In August, the Department Of Justice filed a law suit against Education Management Corporation (EDMC) alleging massive fraud. The basis for the case is EDMC's practice of basing recruiter compensation on the number of students they enroll. For-profit schools may consider student enrollment in recruiters' compensation, but it cannot be the sole determinant of pay. The problem with paying recruiters solely based on the number of students they enroll is that the practice inevitably leads to the recruitment of underqualified students who then sign-up for and receive federal student aid. Because their chances of success are low, the default rate on the loans tends to be high. In fact, according to the NY Times, "for-profit colleges ... now serve more than 10% of the students enrolled in higher education, yet account for about half of all defaults on student loans." As such, the basis of the government's suit is the False Claims Act which allows "individual whistle-blowers [to] file suits charging that the government has been defrauded, leaving the government the option to intervene."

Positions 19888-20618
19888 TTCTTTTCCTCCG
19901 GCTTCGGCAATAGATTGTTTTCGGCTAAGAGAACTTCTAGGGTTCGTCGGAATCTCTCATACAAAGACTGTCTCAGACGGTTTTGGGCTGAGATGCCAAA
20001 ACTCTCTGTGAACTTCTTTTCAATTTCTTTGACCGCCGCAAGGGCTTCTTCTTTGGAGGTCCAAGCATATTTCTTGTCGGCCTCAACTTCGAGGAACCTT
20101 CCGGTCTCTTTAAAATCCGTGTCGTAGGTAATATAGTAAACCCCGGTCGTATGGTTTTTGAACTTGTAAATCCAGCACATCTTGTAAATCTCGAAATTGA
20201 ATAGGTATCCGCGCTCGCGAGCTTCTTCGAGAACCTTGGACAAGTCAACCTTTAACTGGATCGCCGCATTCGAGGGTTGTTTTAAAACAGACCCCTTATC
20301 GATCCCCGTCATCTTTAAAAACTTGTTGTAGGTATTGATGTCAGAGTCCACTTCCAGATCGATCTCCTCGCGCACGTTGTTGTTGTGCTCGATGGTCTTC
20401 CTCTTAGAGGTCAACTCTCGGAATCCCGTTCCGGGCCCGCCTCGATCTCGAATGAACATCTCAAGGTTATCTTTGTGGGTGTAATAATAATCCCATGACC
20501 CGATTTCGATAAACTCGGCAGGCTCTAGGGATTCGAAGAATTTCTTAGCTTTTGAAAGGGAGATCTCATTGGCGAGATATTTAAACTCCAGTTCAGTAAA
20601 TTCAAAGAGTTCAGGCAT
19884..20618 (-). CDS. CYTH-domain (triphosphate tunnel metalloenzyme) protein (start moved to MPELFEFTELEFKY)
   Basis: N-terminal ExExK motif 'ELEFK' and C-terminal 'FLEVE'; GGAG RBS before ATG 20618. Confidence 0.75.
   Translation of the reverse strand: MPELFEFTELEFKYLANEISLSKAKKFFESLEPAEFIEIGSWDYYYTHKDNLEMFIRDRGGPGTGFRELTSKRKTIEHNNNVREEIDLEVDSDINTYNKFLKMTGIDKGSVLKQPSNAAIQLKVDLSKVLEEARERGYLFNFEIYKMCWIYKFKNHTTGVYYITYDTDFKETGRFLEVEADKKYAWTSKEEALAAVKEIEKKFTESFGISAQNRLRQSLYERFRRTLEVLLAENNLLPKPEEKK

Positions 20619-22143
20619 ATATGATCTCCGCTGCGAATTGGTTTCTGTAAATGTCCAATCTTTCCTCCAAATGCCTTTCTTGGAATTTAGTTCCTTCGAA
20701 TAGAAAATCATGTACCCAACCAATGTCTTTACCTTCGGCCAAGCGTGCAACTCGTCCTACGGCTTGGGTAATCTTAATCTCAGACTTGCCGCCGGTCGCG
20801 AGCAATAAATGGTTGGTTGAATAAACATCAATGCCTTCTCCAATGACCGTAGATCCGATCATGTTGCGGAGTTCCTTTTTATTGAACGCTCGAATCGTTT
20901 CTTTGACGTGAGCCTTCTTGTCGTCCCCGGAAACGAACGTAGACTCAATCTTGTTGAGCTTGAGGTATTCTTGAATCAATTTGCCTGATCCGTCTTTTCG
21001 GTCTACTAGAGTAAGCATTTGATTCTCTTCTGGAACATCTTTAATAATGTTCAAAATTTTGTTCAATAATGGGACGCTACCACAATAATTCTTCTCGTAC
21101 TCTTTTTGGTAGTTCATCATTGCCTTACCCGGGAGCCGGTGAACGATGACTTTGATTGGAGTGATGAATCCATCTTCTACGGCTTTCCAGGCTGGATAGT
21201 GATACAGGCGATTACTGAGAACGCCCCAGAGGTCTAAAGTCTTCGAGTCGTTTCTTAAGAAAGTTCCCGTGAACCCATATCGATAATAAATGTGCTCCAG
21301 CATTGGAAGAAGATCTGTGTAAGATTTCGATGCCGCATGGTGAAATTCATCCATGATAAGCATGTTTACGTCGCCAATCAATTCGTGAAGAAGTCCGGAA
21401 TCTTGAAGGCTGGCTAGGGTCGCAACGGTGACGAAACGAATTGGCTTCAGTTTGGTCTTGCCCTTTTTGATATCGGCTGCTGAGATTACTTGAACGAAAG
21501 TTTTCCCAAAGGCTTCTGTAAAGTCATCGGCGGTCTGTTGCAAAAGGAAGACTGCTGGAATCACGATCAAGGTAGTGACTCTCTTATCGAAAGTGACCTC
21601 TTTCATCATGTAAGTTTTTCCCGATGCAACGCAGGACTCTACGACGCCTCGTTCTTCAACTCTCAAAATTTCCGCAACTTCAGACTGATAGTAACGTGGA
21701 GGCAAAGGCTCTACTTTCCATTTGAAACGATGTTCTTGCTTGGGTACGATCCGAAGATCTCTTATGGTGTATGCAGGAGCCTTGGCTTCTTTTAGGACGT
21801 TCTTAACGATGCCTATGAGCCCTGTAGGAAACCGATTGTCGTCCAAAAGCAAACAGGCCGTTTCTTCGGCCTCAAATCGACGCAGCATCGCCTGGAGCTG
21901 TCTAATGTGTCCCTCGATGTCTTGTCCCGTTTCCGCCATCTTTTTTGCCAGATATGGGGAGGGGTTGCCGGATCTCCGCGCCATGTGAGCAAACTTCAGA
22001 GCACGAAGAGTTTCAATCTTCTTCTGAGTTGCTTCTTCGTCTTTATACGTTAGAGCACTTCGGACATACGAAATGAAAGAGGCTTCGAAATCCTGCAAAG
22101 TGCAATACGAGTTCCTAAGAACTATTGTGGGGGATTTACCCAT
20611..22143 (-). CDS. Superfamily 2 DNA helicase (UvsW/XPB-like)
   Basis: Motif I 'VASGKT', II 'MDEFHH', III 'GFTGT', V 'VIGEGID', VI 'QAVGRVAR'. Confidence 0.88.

According to the NY Times, EDMC used "high-pressure sales techniques, ... inflated claims about career placement ... [and enrolled] applicants who were unable to write coherently, who appeared to be under the influence of drugs, or who sought to enroll in an online program but had no computer." These practices have been taking place at for-profit institutions for years and the lawsuit against EDMC notes that the company's CEO Todd Nelson was previously accused of fraudulent recruiting practices when he ran the University of Phoenix and paid nearly $10 million to the Department of Education to settle the claim.